Got a young ‘stubborn’ horse? Then SLOW DOWN!

Written by Monday, 29 October 2018 09:59
Got a young ‘stubborn’ horse? Then SLOW DOWN! Trot On Stock Photos

Many of the riders I know are buying young horses so that they can start and produce their own perfect partners. But, there is one common problem that seems to crop up after a while that I’m often being asked to assist with; their horse is very slow and often ‘planting’, refusing to go forward at all.  No amount of leg will get the consistent ‘forward’ that they desire. So, here’s the advice that I’ve been giving them....

Firstly, we need to appreciate how unnatural it is for a horse to carry a rider at all and that he will need to adapt his balance and muscles to be able to do so. This means that even walk can be a challenge but once the horse seems to be walking without much resistance many riders are keen to get up into trot as soon as possible and push the horse forward. This drive for a forward going horse can create a stiff back and tightness in the other muscle and joints as the horse struggles with his lack of balance and straightness. Not only can this lead to problems further down the line, including rushing, leaning and failing to engage properly, but as these riders are discovering, it can also lead to a horse being labelled slow and stubborn.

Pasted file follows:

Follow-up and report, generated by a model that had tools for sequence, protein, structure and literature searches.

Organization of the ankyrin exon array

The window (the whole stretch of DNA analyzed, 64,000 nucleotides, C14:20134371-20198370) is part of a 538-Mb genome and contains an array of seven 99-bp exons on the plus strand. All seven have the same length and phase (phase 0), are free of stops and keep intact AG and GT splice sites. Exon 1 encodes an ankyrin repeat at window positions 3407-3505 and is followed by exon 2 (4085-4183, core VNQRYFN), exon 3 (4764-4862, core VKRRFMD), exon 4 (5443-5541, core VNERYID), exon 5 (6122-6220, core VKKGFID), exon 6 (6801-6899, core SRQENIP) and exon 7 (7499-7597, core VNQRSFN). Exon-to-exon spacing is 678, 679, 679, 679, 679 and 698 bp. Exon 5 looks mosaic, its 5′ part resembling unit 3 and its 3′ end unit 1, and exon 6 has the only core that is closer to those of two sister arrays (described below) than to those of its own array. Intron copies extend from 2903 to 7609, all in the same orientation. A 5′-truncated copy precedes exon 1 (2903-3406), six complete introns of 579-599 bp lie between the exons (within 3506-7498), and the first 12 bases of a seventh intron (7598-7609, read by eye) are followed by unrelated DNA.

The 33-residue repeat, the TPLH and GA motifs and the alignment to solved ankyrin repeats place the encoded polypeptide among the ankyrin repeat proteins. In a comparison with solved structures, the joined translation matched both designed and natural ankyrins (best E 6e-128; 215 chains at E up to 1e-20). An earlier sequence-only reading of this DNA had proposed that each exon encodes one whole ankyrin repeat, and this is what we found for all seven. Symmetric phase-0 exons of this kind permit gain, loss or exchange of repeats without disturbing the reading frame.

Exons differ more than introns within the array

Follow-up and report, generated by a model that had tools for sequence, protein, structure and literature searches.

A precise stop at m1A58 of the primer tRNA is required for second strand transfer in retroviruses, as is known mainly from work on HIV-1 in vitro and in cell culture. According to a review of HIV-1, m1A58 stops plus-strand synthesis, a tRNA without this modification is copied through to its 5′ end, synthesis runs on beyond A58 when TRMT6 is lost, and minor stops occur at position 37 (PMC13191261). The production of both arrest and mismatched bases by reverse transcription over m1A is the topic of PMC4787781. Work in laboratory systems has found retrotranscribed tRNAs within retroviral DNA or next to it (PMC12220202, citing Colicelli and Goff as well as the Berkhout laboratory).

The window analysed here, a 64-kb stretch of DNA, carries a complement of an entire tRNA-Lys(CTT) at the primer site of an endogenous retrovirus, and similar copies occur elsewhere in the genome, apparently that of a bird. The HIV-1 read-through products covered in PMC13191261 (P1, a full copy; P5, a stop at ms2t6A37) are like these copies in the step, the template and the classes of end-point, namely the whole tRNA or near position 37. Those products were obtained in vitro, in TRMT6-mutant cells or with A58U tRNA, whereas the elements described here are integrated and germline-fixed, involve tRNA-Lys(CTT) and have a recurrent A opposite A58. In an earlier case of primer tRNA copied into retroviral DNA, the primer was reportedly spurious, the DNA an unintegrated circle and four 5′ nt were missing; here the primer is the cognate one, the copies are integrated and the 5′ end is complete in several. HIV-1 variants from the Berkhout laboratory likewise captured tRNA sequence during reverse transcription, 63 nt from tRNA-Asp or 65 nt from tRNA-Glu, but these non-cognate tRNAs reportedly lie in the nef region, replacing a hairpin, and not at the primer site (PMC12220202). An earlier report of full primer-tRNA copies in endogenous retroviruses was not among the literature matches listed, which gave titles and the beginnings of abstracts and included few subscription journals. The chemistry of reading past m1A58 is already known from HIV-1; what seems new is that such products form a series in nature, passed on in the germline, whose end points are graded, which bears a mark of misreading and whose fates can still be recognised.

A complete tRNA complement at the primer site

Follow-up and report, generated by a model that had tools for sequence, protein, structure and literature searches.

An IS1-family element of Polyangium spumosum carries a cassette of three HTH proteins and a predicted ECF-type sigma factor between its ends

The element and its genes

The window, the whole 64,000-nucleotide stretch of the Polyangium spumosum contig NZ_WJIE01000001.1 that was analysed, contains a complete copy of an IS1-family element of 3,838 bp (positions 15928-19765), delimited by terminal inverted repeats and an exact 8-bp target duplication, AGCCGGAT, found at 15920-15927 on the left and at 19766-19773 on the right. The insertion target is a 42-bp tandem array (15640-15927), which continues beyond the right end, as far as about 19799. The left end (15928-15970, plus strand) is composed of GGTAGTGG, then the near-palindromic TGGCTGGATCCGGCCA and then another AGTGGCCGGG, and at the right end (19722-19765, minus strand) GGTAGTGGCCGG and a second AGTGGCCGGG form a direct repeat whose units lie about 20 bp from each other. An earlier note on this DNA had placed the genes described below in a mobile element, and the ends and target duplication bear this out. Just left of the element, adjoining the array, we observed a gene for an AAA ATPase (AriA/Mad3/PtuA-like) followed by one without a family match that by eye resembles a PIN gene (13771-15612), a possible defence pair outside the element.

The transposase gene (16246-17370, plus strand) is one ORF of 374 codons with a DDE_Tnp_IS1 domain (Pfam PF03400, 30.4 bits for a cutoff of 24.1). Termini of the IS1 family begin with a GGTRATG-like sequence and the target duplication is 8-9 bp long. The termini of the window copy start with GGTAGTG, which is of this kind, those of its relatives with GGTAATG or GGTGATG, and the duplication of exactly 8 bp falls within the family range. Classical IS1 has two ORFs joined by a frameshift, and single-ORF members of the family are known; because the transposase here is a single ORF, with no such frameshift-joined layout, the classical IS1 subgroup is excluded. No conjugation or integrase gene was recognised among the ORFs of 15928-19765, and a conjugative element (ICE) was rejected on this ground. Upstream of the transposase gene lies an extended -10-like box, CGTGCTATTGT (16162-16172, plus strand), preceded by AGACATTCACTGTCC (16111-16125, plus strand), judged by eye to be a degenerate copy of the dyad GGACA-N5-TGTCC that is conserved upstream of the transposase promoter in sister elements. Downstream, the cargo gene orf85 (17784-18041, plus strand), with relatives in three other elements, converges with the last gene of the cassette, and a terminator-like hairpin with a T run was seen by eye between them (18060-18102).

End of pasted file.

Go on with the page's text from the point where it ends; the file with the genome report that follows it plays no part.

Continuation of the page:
My advice is to SLOW DOWN! If you want a more forward going horse then go back to walk and some slow exercises to aid your horse’s proprioceptive skills, straightness and balance.

Work on...
• small circles,
• turn on the forehand,
• turn on the quarters,
• leg yield,
• shoulder in,

• rein back.

Make sure your horse is relaxed and give him time to work things out. Having someone on the ground, can help if a horse gets stuck to begin with. Try not to rush the walk either.

Once your horse can confidently execute all of the above correctly, you’ll be amazed what a difference it makes to his impulsion in trot. Improved balance will also make him more confident too.  Don’t be too hasty to label your horse as lazy because it’s probably just a case of your perfect partner trying to find his feet!

I’d also like to add that I’ve had great results using this approach with older horses too.

Sara Carew

For pole work clinics, ideas, information sharing and more, check out Sara's FB group Poll Position Equestrian Coaching


 

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